Use this URL to cite or link to this record in EThOS: http://ethos.bl.uk/OrderDetails.do?uin=uk.bl.ethos.651049
Title: A computational inquiry into navigation, with particular reference to the hippocampus
Author: Foster, D. J.
Awarding Body: University of Edinburgh
Current Institution: University of Edinburgh
Date of Award: 1999
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Abstract:
This thesis reviews evidence that a neural structure in the mammalian brain known as the hippocampus provides a representation of space that is purely local. The thesis then reviews a selection of computationally efficient, neurally plausible, reinforcement learning methods that can use local representation to learn optimal actions in navigation-like tasks. The key disadvantages usually associated with the methods are slow learning, and inflexibility to change. Both disadvantages were investigated in this thesis in the context of learning to navigate. A first model is presented which learns to perform two hippocampally dependant tasks, one involving navigation to a single goal, the other involving navigation to multiple goals. Animals gradually acquire the single goal tasks, but in the multiple gaols task, gradually acquire the ability to navigate directly to a novel goal on only the second trial to that goal. One component of the model uses place cells within a standard reinforcement learning scheme, temporal difference learning in an actor-critic. This component by itself captures performance in the single goal task, but fails to capture one-trial learning in the multiple goals task. A second component of the model learns globally consistent co-ordinates from local self-motion information, in a novel application of temporal difference learning. This co-ordinate learning is relatively independent of the behaviour of the animal, enabling the gradual acquisition of one-trial learning in the multiple goals task to be captured. Two purely behavioural predictions follow which were tested experimentally. First, once a co-ordinate system has been learned, simple placement of an animal at a novel goal should provide the animal with sufficient information to allow direct paths on the next trial, and this was shown to be true. Second, since co-ordinates often no principled way of circumnavigating barriers, the model predicts that animals will be unable to learn the task in the presence of barriers, but this was shown to be false.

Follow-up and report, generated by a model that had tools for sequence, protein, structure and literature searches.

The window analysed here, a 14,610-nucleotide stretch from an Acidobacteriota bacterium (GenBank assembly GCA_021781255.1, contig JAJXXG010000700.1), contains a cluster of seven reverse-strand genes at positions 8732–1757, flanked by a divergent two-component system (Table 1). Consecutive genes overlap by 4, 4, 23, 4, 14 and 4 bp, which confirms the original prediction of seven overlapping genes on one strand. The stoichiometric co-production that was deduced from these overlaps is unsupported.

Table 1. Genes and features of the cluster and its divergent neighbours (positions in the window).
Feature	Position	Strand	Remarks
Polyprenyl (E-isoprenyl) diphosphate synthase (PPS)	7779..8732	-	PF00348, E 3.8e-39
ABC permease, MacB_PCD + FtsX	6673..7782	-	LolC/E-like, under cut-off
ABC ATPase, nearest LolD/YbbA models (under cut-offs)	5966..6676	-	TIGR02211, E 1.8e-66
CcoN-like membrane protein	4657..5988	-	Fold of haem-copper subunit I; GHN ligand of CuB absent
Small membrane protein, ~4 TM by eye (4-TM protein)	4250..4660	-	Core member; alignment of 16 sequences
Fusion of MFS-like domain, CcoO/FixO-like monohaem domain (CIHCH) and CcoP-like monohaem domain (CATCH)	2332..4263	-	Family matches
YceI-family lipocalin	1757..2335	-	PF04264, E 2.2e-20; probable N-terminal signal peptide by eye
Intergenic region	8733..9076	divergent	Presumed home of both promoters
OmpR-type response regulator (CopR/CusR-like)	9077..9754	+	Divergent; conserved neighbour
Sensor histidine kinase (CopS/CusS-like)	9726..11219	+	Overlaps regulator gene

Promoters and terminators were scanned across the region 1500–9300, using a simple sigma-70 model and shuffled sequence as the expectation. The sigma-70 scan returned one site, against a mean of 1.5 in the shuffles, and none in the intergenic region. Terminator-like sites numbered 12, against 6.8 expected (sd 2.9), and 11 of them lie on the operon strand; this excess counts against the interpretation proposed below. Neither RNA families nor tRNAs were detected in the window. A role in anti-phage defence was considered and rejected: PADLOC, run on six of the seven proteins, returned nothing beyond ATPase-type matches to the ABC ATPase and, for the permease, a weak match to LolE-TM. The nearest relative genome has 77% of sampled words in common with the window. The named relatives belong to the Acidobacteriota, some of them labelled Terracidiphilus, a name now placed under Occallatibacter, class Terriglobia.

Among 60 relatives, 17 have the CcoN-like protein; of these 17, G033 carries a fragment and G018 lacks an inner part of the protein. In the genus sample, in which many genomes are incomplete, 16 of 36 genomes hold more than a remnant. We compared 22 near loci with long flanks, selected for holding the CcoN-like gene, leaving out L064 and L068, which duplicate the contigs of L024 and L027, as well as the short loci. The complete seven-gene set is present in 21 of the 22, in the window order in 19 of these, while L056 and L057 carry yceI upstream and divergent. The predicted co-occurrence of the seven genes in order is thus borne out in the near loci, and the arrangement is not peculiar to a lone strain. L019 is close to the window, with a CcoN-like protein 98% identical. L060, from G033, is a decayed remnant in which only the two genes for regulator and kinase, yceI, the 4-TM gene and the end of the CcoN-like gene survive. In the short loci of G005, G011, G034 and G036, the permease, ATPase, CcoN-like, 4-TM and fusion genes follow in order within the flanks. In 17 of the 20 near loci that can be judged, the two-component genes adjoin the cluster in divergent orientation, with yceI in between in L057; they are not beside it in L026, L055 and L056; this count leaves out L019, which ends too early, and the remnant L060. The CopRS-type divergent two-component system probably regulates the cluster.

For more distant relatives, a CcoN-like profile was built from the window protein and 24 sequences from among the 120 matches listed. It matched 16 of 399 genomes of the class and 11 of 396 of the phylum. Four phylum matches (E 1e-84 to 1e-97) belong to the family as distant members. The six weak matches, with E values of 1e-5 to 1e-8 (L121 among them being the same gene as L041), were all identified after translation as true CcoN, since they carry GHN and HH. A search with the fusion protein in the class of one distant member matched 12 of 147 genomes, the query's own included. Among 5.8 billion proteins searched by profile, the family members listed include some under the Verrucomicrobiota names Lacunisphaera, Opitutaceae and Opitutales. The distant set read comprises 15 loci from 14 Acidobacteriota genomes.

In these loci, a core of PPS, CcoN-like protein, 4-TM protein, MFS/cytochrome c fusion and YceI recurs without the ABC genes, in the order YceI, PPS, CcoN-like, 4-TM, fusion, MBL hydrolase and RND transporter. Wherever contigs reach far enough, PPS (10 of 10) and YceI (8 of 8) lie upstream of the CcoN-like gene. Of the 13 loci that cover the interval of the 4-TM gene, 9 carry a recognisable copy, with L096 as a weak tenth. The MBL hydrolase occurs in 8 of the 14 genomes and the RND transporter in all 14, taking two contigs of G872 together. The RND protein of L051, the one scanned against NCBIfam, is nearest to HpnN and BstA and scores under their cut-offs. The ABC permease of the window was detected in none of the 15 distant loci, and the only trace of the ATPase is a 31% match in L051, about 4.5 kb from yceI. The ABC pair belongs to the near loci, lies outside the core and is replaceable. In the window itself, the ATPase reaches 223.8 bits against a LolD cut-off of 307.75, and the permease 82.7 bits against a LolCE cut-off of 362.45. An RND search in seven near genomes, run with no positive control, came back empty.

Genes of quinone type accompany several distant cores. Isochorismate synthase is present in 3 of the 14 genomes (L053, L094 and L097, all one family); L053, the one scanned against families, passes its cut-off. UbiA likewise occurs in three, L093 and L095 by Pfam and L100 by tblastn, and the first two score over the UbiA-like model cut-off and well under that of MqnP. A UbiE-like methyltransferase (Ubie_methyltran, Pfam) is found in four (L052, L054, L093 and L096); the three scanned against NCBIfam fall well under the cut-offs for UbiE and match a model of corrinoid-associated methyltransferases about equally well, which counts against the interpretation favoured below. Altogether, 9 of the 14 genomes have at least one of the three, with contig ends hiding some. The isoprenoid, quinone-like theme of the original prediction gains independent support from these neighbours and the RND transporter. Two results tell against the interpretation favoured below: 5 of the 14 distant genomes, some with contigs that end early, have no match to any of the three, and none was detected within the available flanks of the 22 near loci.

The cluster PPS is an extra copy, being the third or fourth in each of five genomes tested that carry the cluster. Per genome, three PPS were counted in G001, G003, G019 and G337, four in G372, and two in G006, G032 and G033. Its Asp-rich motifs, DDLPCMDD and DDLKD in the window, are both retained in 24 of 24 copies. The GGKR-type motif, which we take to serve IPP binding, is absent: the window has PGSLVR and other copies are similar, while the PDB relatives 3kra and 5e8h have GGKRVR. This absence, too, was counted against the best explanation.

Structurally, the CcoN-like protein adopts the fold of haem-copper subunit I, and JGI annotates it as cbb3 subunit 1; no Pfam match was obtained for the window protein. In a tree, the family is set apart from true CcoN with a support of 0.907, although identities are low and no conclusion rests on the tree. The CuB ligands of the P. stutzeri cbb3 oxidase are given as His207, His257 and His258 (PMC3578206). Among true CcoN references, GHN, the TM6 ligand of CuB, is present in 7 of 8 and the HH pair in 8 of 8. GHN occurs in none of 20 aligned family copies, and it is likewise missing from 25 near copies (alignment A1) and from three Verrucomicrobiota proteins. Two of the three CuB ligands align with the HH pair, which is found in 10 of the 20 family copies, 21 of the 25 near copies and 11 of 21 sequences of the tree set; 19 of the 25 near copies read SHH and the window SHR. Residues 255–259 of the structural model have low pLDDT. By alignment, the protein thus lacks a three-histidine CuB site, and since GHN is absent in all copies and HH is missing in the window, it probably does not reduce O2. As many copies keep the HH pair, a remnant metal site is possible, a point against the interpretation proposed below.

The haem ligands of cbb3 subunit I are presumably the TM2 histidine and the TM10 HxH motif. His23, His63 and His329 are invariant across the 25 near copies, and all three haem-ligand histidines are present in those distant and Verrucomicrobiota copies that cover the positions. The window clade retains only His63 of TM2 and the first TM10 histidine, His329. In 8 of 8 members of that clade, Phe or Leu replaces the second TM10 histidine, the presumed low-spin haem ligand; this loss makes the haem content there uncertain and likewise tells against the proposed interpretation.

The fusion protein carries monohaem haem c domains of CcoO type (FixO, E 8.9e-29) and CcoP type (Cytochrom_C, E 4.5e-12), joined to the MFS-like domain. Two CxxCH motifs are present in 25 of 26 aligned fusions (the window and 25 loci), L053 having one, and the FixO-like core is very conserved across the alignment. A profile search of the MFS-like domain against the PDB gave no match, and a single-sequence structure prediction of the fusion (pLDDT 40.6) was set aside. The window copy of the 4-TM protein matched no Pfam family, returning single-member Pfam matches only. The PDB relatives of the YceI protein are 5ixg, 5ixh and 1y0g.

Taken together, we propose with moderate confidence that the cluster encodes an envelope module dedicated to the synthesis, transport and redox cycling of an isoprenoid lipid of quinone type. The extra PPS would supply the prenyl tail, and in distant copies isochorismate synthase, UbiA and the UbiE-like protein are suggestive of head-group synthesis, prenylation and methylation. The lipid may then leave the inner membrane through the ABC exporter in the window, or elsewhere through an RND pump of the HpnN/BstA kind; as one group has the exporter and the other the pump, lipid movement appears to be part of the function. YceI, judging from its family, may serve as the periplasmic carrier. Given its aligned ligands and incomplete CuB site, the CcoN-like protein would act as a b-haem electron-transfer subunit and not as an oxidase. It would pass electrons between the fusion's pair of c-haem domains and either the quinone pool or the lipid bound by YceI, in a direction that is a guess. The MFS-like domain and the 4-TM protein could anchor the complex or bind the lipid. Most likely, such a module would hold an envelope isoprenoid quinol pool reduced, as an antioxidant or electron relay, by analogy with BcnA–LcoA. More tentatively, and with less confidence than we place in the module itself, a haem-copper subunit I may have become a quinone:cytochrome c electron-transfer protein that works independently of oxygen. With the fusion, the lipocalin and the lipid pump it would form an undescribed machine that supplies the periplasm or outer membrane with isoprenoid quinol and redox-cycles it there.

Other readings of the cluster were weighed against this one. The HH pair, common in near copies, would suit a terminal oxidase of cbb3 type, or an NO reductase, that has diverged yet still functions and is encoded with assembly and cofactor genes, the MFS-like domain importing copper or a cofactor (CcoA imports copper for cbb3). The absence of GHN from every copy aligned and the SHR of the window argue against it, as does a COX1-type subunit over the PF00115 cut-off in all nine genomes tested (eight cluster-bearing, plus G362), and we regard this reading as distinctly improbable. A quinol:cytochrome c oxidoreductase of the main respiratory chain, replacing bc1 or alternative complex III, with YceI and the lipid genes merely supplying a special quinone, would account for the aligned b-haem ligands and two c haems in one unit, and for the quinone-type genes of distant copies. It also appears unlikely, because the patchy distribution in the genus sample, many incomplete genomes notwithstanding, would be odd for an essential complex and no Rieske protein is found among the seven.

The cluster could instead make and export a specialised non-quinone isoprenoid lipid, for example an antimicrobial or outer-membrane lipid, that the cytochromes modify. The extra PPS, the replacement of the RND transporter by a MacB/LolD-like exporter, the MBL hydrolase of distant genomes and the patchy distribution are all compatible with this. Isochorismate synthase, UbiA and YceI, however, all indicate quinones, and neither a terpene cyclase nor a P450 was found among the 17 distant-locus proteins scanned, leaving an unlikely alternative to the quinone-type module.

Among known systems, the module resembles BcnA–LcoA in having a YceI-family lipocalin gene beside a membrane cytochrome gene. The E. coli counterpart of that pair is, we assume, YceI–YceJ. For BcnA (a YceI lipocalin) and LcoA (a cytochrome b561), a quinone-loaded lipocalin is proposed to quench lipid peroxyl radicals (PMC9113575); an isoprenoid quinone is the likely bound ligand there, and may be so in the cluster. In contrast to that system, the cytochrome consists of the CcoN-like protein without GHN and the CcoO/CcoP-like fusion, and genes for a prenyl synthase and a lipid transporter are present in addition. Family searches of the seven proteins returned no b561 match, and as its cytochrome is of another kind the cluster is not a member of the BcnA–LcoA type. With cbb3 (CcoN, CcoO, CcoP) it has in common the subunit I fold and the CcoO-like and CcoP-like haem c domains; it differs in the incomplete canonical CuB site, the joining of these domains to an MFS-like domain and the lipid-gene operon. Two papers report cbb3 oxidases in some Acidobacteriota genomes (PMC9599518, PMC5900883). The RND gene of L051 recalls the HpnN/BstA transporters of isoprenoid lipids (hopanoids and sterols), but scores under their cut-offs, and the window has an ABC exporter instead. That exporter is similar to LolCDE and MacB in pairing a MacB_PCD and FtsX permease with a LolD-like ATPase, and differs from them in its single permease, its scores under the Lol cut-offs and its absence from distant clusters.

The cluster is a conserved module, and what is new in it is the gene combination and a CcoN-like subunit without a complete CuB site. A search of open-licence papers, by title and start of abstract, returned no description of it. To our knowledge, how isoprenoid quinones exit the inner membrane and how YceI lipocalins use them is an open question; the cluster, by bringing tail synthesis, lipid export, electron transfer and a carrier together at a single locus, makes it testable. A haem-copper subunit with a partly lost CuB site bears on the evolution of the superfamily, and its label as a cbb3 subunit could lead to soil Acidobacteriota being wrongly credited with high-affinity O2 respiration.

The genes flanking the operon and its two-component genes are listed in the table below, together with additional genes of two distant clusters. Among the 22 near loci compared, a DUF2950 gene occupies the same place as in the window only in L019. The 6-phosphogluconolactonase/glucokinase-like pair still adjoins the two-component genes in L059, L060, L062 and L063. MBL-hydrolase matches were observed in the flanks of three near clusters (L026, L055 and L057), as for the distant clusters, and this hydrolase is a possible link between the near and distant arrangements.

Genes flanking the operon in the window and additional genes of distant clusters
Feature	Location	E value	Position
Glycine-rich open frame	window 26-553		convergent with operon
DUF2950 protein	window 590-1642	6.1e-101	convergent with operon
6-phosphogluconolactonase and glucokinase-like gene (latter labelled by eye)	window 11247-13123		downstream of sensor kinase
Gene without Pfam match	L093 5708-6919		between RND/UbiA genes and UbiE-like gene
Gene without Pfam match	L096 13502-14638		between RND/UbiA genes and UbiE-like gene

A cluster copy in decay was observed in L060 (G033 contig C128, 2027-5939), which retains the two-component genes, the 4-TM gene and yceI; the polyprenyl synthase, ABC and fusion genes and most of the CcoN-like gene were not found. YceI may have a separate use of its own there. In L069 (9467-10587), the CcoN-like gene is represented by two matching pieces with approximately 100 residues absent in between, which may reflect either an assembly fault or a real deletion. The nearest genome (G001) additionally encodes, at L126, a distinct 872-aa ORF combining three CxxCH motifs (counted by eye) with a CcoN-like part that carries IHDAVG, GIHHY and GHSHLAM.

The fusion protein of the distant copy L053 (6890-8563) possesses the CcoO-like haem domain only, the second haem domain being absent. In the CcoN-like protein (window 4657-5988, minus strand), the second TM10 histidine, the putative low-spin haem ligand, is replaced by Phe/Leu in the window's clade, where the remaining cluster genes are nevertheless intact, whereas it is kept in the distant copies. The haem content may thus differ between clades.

Supervisor: Not available Sponsor: Not available
Qualification Name: Thesis (Ph.D.) Qualification Level: Doctoral
EThOS ID: uk.bl.ethos.651049  DOI: Not available
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